Japan has been notoriously late in joining the "bilaterals bandwagon". Until the latter part of the 1990s, the government hedged most of its bets on multilateral negotiations as a means of opening up foreign markets to Japanese corporate interests. However, Japan is increasingly suffering the loss of market shares that FTAs between other countries produce. Because of NAFTA, for example, Japan felt an acute need for its own treaty with Mexico so that its products benefit from the same tariff levels on the Mexican market as those coming in from the United States.
Until recently, Japan focused its bilateral negotiating agenda on a few countries around the Pacific. Major deals have been signed with Singapore (2002), Malaysia (2004), Mexico (2004), Philippines (2006), Indonesia (2007), Chile (2007), Thailand (2007), ASEAN as a whole (2008) and Vietnam (2008).
In mid-2006, Tokyo announced the start of FTA talks with Brunei and these were wrapped up in 2007. Japan’s deals with both Brunei and Indonesia are unique because they guarantee Tokyo access to oil and gas supplies.
In mid-2006, Japan went so far as proposing an overarching East Asian FTA encompassing Japan, ASEAN, India, China, Korea, Australia and New Zealand. ASEAN, among others, gave this idea a cool response.
In 2007, negotiations with India and Australia began, while somewhere down the pipeline, Colombia, China, Korea, Cambodia and Laos are also on the agenda.
Other countries are further targets creeping into Japan’s bilateral trade agenda:
In early 2005, Japan started exploring possible talks with Switzerland, and the actual negotiations started in 2007.
In 2006, spurred by concerns about access to energy resources, Japan moved towards kicking off talks for an FTA with Kuwait and other oil and gas-rich Gulf Cooperation Council (GCC) countries.
There are also growing concerns about trade disadvantages for Japanese firms on a wider international scale, leading to FTA overtures towards Brazil, South Africa, New Zealand and even some wishful talk of a US-Japan deal.
In late 2011, Japan showed interest in negotiating an FTA with Burma.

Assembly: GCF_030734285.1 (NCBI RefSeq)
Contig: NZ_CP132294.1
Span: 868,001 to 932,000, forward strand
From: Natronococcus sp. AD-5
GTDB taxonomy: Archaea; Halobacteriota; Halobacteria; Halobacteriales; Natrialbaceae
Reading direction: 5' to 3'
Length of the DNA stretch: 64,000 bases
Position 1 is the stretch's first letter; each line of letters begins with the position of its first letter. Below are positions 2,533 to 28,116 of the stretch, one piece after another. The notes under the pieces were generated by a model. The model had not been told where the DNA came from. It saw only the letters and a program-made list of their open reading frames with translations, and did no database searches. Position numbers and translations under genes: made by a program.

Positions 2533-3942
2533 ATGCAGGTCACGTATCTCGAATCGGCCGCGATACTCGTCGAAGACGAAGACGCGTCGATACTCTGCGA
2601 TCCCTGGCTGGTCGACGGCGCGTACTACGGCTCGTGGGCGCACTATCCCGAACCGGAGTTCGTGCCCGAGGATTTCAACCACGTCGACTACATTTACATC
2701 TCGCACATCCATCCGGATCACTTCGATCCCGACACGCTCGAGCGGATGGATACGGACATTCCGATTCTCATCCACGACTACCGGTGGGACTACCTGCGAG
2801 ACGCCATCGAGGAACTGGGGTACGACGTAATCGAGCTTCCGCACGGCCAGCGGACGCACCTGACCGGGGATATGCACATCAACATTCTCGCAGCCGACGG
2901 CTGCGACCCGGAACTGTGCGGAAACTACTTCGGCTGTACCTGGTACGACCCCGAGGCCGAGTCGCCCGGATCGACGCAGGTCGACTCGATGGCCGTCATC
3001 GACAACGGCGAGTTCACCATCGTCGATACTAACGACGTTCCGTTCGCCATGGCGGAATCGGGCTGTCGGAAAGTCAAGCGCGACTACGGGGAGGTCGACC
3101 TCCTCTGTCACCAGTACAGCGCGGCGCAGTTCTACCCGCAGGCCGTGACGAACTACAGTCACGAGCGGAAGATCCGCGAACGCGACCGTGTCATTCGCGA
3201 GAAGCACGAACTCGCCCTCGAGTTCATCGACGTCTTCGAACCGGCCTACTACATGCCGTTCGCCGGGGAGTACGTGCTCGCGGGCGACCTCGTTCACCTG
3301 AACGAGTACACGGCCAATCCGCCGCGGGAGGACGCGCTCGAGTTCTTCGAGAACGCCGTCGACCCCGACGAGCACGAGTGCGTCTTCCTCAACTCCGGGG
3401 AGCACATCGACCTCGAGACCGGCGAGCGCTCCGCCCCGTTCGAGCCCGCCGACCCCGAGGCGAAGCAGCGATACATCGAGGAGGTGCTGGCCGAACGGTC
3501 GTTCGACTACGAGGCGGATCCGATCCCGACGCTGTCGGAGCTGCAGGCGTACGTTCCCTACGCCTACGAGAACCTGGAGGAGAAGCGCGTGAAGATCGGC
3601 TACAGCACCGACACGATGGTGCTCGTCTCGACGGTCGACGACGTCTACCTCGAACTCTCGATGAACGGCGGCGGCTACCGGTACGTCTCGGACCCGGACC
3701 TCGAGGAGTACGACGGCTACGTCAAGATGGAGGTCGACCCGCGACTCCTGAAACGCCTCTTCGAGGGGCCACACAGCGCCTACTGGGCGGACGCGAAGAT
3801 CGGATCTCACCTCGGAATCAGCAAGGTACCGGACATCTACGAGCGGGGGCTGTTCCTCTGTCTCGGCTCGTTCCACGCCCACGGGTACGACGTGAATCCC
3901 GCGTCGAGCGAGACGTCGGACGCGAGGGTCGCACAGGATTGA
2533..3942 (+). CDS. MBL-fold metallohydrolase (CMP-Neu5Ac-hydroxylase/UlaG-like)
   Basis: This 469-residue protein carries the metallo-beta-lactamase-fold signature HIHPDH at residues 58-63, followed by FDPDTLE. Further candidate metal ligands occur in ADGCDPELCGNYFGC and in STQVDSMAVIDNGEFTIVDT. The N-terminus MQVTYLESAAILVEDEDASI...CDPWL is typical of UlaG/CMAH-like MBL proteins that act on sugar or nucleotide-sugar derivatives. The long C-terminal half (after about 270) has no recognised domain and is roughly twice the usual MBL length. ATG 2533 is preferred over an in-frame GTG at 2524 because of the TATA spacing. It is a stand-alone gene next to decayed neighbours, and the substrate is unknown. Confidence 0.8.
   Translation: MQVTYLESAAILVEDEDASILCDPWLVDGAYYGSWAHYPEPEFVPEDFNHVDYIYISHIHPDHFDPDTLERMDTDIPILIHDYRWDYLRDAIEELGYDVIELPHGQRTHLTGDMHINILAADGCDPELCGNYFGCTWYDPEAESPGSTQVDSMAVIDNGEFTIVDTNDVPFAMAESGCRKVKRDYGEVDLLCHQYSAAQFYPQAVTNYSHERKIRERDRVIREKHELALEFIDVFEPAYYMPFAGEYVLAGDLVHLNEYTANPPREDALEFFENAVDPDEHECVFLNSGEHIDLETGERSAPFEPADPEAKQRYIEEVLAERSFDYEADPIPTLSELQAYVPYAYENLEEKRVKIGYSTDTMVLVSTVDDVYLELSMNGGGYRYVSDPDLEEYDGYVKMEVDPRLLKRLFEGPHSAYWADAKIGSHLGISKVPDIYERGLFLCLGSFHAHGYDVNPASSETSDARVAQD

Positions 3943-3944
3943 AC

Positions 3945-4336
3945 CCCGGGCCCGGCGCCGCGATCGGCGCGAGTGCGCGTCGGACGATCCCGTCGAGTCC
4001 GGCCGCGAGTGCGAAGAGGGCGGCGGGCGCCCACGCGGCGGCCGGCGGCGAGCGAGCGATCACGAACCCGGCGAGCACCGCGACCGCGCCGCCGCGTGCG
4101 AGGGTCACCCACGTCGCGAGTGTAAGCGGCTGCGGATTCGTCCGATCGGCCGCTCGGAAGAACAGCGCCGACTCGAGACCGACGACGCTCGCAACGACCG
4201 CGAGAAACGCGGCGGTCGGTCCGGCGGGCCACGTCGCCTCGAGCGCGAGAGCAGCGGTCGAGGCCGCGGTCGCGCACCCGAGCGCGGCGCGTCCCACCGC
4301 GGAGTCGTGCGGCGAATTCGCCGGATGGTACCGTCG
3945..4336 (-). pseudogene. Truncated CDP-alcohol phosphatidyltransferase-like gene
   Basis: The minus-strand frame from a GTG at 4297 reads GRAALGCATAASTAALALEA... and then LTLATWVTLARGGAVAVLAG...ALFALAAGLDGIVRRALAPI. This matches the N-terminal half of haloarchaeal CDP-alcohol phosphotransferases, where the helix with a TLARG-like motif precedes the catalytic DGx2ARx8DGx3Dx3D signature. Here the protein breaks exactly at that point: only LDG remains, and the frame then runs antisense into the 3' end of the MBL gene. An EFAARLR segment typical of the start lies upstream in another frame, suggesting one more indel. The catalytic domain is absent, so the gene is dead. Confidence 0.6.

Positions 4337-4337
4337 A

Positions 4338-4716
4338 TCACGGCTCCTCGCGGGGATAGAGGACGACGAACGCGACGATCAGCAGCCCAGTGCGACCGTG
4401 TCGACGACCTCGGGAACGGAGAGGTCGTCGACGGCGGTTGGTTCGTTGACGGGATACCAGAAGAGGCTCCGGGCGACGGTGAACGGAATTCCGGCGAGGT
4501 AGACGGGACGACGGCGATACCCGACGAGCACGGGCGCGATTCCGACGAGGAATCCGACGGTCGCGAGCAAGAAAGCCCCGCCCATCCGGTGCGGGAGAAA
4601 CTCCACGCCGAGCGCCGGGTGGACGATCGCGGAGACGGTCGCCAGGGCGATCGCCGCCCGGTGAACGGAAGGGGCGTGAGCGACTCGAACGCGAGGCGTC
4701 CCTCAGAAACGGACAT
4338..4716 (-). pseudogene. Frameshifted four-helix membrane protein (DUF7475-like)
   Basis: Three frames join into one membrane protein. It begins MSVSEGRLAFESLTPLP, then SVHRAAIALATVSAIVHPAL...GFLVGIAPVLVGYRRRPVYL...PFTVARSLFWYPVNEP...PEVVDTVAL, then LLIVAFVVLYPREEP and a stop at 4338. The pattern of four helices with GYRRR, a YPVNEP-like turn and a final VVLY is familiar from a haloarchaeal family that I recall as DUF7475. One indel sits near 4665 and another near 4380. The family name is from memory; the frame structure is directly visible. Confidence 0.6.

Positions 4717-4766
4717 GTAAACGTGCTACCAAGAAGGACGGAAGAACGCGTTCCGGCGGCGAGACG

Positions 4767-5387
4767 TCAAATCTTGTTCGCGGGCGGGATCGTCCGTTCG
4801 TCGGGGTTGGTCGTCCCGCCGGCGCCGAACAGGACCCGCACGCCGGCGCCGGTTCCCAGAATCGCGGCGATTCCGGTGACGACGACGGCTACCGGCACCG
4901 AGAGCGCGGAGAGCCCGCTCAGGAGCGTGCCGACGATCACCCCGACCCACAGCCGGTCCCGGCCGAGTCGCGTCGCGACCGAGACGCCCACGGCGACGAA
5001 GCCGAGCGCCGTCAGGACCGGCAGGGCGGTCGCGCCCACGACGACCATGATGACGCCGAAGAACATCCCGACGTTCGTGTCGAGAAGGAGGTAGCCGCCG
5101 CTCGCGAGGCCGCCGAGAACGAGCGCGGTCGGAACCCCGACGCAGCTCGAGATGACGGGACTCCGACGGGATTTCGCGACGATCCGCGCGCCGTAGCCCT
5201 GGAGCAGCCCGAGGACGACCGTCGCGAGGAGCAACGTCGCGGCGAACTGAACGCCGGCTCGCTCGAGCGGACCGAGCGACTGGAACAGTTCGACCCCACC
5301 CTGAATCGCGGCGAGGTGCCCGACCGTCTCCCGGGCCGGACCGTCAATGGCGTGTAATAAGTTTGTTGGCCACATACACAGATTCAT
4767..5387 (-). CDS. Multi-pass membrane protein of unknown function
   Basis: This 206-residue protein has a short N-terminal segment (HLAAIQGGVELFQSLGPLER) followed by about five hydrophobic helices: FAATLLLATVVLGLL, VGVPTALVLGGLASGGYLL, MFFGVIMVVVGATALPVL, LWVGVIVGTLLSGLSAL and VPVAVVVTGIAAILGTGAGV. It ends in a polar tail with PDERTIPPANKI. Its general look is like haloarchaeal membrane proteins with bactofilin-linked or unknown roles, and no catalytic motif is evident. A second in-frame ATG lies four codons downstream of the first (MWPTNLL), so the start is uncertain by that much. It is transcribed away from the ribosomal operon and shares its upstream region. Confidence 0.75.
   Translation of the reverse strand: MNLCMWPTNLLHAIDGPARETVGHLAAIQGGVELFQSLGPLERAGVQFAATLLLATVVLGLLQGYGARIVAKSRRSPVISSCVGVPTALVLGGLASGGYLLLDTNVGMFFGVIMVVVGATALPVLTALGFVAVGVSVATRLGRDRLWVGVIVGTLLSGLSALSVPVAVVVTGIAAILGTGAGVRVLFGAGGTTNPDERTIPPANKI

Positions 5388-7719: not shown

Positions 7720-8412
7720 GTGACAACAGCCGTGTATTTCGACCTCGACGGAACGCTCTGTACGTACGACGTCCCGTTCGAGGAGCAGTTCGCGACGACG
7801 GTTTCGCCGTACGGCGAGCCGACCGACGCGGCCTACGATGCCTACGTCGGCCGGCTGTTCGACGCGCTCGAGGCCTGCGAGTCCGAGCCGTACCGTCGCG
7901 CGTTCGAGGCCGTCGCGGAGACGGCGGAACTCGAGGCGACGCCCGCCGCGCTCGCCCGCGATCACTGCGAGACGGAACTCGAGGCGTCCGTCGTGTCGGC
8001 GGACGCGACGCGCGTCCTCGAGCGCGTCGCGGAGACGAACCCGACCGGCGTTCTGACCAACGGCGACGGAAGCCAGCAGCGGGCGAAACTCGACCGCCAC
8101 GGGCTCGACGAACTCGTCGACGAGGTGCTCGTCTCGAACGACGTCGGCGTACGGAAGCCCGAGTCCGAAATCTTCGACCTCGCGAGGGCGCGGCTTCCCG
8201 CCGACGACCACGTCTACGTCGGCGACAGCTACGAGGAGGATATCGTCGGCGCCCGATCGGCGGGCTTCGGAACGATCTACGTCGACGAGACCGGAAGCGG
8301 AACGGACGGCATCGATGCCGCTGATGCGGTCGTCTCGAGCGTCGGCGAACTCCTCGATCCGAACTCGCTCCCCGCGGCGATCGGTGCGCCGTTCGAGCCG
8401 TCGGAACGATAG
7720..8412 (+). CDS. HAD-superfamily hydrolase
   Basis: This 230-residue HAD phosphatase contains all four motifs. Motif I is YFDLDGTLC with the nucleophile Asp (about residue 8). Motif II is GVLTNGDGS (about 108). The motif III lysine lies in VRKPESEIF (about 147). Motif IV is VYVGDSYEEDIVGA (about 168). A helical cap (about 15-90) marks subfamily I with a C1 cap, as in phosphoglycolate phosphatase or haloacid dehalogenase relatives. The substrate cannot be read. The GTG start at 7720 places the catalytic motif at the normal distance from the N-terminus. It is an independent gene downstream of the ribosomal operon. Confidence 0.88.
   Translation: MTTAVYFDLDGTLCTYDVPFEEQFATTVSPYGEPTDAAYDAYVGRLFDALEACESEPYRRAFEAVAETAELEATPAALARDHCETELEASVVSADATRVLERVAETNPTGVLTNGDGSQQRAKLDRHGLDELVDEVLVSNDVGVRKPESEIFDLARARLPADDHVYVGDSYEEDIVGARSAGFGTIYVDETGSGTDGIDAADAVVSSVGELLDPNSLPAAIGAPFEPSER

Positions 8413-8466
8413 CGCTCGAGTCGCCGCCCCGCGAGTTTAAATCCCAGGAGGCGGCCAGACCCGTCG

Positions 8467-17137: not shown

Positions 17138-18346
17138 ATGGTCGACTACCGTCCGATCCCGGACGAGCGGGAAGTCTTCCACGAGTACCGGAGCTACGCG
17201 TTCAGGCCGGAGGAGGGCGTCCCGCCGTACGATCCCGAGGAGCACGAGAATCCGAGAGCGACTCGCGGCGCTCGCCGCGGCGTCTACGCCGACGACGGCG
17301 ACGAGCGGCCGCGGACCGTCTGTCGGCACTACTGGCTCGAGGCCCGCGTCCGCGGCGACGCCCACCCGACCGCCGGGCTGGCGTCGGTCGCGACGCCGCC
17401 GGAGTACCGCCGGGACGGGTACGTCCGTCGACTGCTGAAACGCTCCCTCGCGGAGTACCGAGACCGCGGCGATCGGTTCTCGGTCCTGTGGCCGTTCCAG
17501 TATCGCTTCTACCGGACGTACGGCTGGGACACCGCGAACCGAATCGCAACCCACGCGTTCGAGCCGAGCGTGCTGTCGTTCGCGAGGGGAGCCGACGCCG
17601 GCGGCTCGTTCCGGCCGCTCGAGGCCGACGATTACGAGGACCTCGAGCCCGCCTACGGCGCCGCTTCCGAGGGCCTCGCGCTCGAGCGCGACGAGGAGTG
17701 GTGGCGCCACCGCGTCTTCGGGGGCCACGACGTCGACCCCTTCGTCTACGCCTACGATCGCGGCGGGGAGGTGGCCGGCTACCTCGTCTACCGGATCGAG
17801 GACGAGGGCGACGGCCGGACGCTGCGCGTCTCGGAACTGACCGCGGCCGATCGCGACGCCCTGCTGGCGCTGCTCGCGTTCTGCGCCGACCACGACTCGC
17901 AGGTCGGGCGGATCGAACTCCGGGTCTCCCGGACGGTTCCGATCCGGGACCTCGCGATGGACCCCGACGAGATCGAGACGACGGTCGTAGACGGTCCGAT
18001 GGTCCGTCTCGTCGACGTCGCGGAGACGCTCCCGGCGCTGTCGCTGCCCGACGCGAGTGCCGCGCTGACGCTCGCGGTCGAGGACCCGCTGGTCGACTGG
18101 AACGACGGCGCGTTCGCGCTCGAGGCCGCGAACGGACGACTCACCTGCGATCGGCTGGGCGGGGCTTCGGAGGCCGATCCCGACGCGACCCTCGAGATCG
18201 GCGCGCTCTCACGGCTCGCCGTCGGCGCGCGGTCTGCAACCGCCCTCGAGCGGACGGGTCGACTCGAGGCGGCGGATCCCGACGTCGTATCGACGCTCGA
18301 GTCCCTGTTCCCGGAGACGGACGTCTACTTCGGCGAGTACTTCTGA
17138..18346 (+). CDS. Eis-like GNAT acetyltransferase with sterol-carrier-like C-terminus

In March 2012, there were indications of upcoming FTA talks with Mongolia and Canada.
The deals put forward by Japan are called "Economic Partnership Agreements" (EPAs), as the government holds that the term "free trade agreement" doesn’t capture the broader integration of economic and social policies that these treaties aim to achieve between the partner countries. But these EPAs are similar in coverage to a typical FTA from the US, New Zealand or the EU, if less ambitious on the content.
Domestic opposition to FTAs has crystallized around the announcement that the Japanese government intends to join the Trans-Pacific Partnership (TPP.) 2011 and 2012 have seen major demonstrations against the agreement were mounted by Japanese farmers, targeting the undermining of food security which agricultural liberalization under the proposed deal could bring about, especially in relation to rice. Zenroren (National Confederation of Trade Unions) also opposes the deal, with concerns about job losses, the opening up of the economy to US capital, and the erosion of living standards and working conditions. Many Japanese opponents view the TPP as being essentially a bilateral FTA with the US.
last update: May 2012
4-Aug-2015 The Japan News TPP failure could spell trouble for other trade talksThe failure to reach a broad agreement on the Trans-Pacific Partnership could harm Japan’s efforts to create a “mega trade zone” through other major accords
15-May-2015 Diet OKs trade agreement with MongoliaThe Diet approved an economic partnership agreement with Mongolia on Friday.
10-Feb-2015 AP Japan, Mongolia ink trade pact that may increase car exportsJapan and Mongolia signed a free trade agreement Tuesday that is expected to open the landlocked frontier market to more Japanese auto exports and strengthen Tokyo’s leverage with a key partner in its dealings with North Korea.
6-Feb-2015 METI/MOFA Signing of the Japan-Ukraine Investment AgreementTokyo announces the signing of a bilateral investment treaty with Kiev, which it highlights as opening Ukraine farmland and mineral resources to Japanese investors.
25-Nov-2014 Kyodo Japan, Turkey to begin FTA talks next weekJapan and Turkey will hold the first round of negotiations for a bilateral free trade agreement next week in Tokyo, the Foreign Ministry said Tuesday.
Iceland Foreign Minister Gunnar Sveinsson said his country is eager to reach a free trade agreement with Japan, calling on Tokyo to take “new steps” in this direction.
22-Oct-2014 Azer News Azerbaijan, Japan to ink agreement on mutual protection of investmentsAzerbaijan and Japan plan to sign a bilateral investment treaty. Japan is involved in the country’s energy and infrastructure sectors.
4-Aug-2014 Kyodo Abe talks up trade ties with Latin American alliancePrime Minister Shinzo Abe expressed eagerness Saturday to bolster economic and trade ties with the four Latin American nations that make up the Pacific Alliance, after accelerating the conclusion of a free trade agreement with Colombia.
30-Jul-2014 Colombia Reports Colombia, Japan agree to accelerate FTA processColombia’s President Juan Manuel Santos and the prime minister of Japan agreed to expedite the process of a Free Trade Agreement (FTA) between the two countries.
23-Jul-2014 The Diplomat The Japan-Mongolia FTA is about cars, minerals and abducteesMining is expected to become a much larger portion of their overall trade, with an investor-state dispute settlement (ISDS) clause instituted to protect companies and allow them to seek compensation if government policy negatively impacts their investments.